Here’s the blurb I wrote for the story: Since the dawn of time, demon and vampire societies have existed under a shaky truce. As the threat of war looms, half-demon Crystal Andraya finds strength and the heat of passion in the arms of her vampire lovers William and Miguel. The world they’ve built together may be falling apart around them, but they know what they want and nothing is more important than the love they share.

I’ll share the publisher’s blurb as soon as it’s available.

Here’s the anthology cover. I’m a fan, particularly of the arms. I love defined arms.

Cover for Bite Me anthology

Cover for Bite Me anthology

(1) Possibly actually titled “Like a Thousand Miles of Fire”. I should confirm which is correct.

I Recommend…”Knives” by Seanan McGuire

“Knives” by Seanan McGuire is a retelling of the Little Mermaid story, but this is not the singing dancing under the sea extravaganza Disney sells. It takes the story so many of us know – mermaid, prince, swapping a tail for two legs at some exorbitant price – and gives it a good twist. As the summary says, there’s always another side to the story and this side is heartbreaking and painful and wonderful, all at the same time.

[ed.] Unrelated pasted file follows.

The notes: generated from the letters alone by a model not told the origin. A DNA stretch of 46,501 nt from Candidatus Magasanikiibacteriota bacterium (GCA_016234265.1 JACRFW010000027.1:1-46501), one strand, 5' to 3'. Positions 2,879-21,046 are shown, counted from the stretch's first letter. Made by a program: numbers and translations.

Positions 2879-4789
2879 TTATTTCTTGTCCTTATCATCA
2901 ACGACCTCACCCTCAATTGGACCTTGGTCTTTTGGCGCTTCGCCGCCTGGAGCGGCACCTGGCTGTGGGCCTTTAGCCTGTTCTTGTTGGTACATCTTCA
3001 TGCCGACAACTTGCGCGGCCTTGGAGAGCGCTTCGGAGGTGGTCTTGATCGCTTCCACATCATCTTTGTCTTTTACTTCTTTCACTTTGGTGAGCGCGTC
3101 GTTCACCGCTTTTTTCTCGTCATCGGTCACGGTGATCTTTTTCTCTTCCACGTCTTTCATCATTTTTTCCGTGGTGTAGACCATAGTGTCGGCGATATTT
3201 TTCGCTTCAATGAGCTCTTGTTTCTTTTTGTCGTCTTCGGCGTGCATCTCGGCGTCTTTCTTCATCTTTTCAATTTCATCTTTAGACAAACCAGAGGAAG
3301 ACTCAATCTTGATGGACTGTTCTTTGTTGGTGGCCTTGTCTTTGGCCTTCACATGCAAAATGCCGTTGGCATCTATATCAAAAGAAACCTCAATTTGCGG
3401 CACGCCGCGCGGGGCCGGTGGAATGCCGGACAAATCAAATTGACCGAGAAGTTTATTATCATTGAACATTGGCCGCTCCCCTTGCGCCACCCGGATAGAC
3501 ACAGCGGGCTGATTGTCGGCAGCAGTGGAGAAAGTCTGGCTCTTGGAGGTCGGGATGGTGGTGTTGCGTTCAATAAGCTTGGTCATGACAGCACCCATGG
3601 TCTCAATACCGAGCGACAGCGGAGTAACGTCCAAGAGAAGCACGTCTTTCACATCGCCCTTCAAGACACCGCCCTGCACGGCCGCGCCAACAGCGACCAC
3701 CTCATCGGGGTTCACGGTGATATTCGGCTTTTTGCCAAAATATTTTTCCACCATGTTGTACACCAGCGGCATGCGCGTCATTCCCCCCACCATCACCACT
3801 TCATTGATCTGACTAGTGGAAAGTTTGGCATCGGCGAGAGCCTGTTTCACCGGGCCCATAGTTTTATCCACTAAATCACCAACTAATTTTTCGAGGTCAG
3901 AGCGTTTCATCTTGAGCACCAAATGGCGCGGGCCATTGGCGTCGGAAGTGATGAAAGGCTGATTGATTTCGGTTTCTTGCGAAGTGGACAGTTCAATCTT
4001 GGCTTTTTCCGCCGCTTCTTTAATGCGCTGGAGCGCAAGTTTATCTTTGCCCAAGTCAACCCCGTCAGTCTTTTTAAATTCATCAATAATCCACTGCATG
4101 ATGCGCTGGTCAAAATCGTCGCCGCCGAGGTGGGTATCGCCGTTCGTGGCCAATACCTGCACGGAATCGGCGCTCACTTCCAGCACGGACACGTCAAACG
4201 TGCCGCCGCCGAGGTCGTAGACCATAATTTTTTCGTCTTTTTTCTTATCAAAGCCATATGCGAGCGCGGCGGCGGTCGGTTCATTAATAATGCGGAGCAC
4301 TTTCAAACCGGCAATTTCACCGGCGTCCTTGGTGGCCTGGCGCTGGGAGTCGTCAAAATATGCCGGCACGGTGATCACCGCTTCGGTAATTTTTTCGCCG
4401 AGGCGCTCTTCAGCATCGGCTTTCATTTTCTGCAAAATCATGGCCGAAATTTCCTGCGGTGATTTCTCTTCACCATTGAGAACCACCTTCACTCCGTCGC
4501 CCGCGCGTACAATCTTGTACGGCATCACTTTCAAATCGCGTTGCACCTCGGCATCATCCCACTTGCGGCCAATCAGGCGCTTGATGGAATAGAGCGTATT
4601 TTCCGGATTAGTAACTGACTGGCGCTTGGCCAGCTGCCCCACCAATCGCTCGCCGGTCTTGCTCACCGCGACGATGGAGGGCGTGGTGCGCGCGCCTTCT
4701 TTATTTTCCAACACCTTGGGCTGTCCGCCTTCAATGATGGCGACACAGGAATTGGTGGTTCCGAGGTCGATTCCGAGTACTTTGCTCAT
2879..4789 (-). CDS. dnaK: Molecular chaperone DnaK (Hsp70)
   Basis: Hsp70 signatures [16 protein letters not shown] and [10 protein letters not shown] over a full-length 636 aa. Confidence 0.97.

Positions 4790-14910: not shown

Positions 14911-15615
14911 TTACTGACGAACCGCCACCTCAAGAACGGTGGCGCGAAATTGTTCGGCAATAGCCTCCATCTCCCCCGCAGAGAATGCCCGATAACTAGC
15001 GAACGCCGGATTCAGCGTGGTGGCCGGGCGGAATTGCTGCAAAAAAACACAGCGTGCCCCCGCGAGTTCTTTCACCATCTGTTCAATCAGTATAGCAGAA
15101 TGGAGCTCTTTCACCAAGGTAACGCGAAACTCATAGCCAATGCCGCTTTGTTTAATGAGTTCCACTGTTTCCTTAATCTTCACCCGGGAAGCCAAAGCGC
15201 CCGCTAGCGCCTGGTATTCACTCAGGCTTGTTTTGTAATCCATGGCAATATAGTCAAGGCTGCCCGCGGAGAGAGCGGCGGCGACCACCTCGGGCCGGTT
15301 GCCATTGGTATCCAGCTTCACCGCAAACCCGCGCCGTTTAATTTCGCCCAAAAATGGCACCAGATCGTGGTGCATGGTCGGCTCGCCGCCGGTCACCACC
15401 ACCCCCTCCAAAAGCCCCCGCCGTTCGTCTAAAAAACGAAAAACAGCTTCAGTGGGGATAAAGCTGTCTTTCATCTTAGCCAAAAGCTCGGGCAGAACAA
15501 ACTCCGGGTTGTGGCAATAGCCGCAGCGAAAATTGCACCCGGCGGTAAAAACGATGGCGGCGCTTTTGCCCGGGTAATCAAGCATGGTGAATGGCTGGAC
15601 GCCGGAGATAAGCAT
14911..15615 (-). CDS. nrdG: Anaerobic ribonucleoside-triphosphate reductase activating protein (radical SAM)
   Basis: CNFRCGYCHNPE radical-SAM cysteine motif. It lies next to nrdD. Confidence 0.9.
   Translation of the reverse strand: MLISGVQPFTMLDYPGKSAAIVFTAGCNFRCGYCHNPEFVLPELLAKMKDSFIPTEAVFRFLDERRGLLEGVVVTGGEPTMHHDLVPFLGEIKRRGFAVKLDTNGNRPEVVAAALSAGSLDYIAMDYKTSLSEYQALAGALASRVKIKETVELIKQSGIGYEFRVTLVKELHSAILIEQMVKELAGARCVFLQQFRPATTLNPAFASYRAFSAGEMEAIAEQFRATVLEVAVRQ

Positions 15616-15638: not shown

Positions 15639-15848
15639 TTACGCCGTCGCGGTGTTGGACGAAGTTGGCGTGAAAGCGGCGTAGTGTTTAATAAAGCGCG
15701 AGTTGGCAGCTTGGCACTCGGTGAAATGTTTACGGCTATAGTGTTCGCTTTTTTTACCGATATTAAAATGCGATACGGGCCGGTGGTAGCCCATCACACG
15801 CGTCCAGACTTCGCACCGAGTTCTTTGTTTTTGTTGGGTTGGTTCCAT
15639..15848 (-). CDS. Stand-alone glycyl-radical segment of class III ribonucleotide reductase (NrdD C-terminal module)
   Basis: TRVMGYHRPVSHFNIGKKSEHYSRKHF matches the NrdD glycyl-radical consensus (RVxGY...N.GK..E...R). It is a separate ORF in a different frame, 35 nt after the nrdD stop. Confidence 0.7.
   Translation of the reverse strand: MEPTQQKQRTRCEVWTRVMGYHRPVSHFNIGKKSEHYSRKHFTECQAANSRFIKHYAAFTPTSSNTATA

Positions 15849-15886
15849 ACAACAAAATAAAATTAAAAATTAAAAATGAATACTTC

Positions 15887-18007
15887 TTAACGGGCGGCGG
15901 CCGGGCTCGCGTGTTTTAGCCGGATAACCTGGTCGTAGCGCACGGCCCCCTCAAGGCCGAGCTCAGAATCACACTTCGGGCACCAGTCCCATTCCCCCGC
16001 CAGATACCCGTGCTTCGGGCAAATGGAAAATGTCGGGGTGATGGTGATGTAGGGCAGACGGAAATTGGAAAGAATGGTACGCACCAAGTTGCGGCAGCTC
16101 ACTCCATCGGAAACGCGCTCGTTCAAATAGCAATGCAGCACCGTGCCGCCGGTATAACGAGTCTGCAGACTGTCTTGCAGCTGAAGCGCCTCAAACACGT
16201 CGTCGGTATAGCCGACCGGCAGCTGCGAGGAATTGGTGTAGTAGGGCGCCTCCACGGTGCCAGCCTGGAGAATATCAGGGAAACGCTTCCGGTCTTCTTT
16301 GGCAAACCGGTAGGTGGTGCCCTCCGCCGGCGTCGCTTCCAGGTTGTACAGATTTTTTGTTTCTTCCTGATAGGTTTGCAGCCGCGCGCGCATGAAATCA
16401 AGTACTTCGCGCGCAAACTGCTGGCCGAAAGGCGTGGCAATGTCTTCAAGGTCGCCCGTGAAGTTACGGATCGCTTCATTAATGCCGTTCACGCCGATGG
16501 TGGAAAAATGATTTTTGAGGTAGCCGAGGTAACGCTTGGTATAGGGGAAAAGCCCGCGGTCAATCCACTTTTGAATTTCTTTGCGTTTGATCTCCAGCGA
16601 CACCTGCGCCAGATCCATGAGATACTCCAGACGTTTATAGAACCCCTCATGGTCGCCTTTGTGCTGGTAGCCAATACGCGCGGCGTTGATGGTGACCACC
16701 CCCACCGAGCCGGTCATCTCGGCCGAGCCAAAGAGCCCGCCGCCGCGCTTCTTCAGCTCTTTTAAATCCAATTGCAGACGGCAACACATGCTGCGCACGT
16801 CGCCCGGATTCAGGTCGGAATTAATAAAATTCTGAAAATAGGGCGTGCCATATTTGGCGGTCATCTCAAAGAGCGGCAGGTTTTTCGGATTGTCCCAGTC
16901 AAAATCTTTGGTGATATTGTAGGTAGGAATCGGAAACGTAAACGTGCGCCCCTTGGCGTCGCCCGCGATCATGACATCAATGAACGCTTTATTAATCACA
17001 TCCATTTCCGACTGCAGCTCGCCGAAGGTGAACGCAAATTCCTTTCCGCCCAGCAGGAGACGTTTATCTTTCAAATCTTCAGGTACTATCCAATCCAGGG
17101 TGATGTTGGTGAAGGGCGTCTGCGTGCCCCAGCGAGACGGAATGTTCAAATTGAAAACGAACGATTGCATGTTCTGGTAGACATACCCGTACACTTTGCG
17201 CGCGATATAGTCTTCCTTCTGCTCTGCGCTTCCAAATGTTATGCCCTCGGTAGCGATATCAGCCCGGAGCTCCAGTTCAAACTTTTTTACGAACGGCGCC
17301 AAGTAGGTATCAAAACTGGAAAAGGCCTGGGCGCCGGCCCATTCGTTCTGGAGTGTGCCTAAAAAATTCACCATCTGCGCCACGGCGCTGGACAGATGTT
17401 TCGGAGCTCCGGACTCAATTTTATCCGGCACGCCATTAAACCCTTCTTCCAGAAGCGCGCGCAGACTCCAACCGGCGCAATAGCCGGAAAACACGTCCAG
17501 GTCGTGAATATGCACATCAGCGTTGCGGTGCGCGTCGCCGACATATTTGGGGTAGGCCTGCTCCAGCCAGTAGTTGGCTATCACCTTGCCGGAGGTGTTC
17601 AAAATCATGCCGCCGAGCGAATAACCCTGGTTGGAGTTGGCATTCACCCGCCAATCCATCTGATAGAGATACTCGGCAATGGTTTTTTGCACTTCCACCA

The language is beautiful. There are so many parts I’d like to quote, but experiencing those lines while reading the whole provides such wonderful moments I wouldn’t want to deny you that. My favorite bit, however, is this: “Maybe I’m damned already. If you have no soul, where do you go when you die? Back to sea foam and waves, I suppose. Sounds peaceful, if you’re asking me.”

Back to sea foam and waves indeed.

This is a love story, but it has no happy ending. The mermaid chases love – the prince – without noticing love is already by her side, her best friend under the waves, another mermaid woman. It’s a haunting, heart breaking tale of love and loss and the sacrifices we make.

I Recommend…”Spaced” by Andrea Howe

Once again, Circlet Press’s Fiction Friday brought me a story I really enjoyed, this time “Spaced” by Andrea Howe. I love doomed, delicious moments in life and this has that in spades.

My favorite bit: “It was foolish, twisting together in the middle of the room; we’d shut off the grav hours ago. Skin on skin was a false heat; she was warm under my hands, but that didn’t make up for the heat seeping away into the dark space. Didn’t stop us from unsuiting, from seeking out the contours or bared flesh, now invisible, now orange.”